No Dry County is a Texan indie band with a sound that combines rootsy Americana, folk, and classic rock, brilliantly displayed in close harmonies and a lively stage presence. Their first full-length album, The Night Before, was just released this March. Recently the band’s vocalist Trent Langford took the time to talk to Wanda Waterman about their name, their current activities, and the creative context of Lubbock, Texas.
How did you come up with your band’s name?
The short answer is that we didn’t. All of our current lineup actually joined No Dry County (NDC), beginning with myself, in 2009. I had actually opened for NDC that year, and after losing their lead singer they invited me to join. The story goes that when the band got together, Lubbock was voting on a proposition to make the county wet. Advertisements were around town reading “No Dry County” and, likely as a joke, the band used that name for their first show.
What influence has Lubbock, or Texas in general, had on the development of your sound?
Around here, Bob Will’s is king, of course. He was innovative in the way he combined music from different cultures and was one of the first people to use electric guitars and amplified instruments to keep the old dance halls swingin.’ Buddy Holly inspired the Beatles, and the Flatlanders jammed with The Clash.
Every day we’re greeted by an endless open horizon. The wind blows through countless numbers of wind chimes hanging on grandmothers’ porches and the songs and drums of the Comanche echo in the canyons of the Palo Duro. The paintings of Georgia O’Keefe were forever changed when she witnessed our sunsets.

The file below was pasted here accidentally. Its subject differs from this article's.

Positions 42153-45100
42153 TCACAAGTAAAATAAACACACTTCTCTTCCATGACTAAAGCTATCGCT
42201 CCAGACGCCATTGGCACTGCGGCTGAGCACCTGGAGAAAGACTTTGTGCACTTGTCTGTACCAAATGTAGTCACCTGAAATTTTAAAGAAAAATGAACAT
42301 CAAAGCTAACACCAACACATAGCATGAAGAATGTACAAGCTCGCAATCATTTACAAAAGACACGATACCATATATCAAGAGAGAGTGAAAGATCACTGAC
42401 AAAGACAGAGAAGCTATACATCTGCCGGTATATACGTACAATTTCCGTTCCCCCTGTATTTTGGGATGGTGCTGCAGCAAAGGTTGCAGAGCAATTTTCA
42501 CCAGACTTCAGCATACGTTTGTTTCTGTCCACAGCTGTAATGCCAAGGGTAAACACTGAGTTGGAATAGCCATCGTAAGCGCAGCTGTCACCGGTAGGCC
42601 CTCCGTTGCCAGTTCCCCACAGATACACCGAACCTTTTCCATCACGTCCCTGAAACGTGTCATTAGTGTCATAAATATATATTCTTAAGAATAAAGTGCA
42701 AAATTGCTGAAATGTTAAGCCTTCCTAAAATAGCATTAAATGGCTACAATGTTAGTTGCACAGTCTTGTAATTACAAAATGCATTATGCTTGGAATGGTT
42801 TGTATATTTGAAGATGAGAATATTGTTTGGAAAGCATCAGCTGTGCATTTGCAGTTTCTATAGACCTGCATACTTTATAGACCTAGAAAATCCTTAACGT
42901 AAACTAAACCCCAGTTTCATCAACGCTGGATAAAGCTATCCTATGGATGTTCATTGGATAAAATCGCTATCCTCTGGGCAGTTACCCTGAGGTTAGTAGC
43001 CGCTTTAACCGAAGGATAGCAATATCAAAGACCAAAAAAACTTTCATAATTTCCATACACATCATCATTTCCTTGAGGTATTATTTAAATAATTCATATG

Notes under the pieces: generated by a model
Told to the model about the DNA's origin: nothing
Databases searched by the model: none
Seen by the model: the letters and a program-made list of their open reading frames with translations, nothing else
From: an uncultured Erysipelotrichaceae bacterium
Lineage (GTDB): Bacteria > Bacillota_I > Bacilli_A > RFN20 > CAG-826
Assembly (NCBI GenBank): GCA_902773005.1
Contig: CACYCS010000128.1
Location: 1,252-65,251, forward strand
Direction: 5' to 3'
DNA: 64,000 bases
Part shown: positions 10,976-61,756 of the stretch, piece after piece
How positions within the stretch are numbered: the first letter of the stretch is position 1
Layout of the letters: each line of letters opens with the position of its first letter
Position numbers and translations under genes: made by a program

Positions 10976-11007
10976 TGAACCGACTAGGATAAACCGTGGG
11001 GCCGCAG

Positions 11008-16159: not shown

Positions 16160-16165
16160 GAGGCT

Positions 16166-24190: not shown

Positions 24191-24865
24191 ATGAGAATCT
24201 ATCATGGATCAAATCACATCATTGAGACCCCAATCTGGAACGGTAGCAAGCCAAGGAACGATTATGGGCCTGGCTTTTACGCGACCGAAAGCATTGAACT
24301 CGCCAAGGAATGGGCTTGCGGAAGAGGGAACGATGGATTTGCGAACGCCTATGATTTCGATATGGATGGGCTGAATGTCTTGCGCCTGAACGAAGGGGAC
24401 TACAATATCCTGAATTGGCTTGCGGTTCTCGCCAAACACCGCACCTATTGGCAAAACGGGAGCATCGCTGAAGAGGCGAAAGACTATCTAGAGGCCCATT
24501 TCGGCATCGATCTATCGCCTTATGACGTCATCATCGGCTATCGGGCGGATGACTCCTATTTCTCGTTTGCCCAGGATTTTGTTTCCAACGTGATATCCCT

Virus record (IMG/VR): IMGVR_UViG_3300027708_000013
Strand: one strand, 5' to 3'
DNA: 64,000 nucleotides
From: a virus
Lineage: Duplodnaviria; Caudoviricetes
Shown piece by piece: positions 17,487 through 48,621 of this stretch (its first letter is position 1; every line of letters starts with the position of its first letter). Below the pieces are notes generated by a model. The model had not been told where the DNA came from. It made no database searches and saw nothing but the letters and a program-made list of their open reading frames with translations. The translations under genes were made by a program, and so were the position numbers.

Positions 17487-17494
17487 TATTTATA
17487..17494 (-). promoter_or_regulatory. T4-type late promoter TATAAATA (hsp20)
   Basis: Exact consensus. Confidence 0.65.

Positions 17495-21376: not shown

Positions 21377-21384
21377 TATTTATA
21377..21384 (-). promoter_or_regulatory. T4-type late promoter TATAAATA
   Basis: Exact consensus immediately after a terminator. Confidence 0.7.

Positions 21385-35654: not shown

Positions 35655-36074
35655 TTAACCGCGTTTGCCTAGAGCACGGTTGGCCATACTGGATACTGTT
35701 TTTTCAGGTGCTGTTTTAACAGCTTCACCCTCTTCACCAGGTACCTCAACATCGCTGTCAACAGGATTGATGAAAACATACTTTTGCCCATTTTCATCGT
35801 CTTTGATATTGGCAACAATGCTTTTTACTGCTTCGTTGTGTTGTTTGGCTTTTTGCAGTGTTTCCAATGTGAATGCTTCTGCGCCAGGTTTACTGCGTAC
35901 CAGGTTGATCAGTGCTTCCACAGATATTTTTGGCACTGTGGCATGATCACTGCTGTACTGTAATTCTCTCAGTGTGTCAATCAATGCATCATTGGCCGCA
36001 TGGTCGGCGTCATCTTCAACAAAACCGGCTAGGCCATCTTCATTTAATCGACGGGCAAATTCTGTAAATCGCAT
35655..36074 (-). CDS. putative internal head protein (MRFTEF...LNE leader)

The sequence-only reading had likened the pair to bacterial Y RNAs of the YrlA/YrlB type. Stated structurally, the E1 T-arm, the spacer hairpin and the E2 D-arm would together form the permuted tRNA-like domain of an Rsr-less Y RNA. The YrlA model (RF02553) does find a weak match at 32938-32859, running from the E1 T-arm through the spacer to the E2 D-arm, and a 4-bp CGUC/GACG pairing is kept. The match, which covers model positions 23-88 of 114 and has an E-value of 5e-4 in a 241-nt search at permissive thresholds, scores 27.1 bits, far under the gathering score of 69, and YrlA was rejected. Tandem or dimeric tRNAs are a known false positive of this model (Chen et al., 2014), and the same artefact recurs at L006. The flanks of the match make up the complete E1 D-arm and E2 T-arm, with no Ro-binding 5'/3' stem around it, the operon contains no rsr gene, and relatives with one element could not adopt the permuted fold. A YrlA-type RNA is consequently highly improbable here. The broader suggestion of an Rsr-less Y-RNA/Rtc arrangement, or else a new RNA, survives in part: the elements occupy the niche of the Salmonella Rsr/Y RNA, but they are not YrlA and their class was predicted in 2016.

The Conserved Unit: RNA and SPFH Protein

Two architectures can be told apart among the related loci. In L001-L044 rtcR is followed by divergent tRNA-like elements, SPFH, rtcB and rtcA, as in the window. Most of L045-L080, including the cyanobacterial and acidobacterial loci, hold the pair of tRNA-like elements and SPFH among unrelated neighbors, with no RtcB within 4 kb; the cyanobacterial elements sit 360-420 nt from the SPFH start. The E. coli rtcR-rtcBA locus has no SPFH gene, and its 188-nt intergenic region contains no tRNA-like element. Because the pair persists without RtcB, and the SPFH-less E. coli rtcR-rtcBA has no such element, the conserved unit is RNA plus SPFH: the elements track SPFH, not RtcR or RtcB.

Explosions in the Sky gave us the first glimpse of a literal musical translation of our landscape. Combining those elements with the storytelling of the Outlaw movement, 80’s and 90’s country harmonies, and infectious choruses, gets us somewhere close.
But, being from the panhandle, we sort of have an obligation to not be tied down by any one genre, and the mixture of any and everything, including the minimal space-driven beats of modern hip hop, make their way in here and there.
If your band’s life was a movie, what kinds of scenes would fill it?
Most of our time as a band is spent on the road just figuring out how to survive, in a sense. Scenes from the film Into The Wild come to mind, as we’ve spent the majority of our twenties living what most would call an “alternative lifestyle”? sleeping on couches and playing for tips while most of our contemporaries mortgaged houses and started careers.
We constantly meet a variety of people from different backgrounds, many who have become close friends. The whole thing is really a gamble of sorts and the endgame may not always be clear, but the experience itself in many ways makes the decision worthwhile.
What conditions do you require in your life in order to go on being creative? What do you feed your muse? Are there any books, films, or albums that have deeply influenced your development as an artist?
It’s important for me to retire from the daily grind at times to kick-start the creative process. I deal with a lot of the day-to-day business of keeping a band moving, and it can be easy to begin spending more time promoting the art than with the art itself.
I recently read Walk On, which details the spiritual journey of the band U2. Books like that allow me to keep growing intellectually and can help to keep the music from becoming stagnant. We’re also trying to get away as a band more, aside from playing shows, to clear our heads and see what we can come up with creatively outside of our normal environment.
If you had an artistic mission statement, what would it be?
“Make good music. Play it for anyone with a desire to listen.”
Tell us about your current and upcoming projects.
We’re just wrapping up about 13 weeks of CD release shows in support of The Night Before and will take off much of June around my wedding on the 20th. This fall we are making an east coast run and hopefully will start making plans to get back in the studio in some form or fashion during the early part of 2016.
Wanda also writes the blog The Mindful Bard:The Care and Feeding of the Creative Self.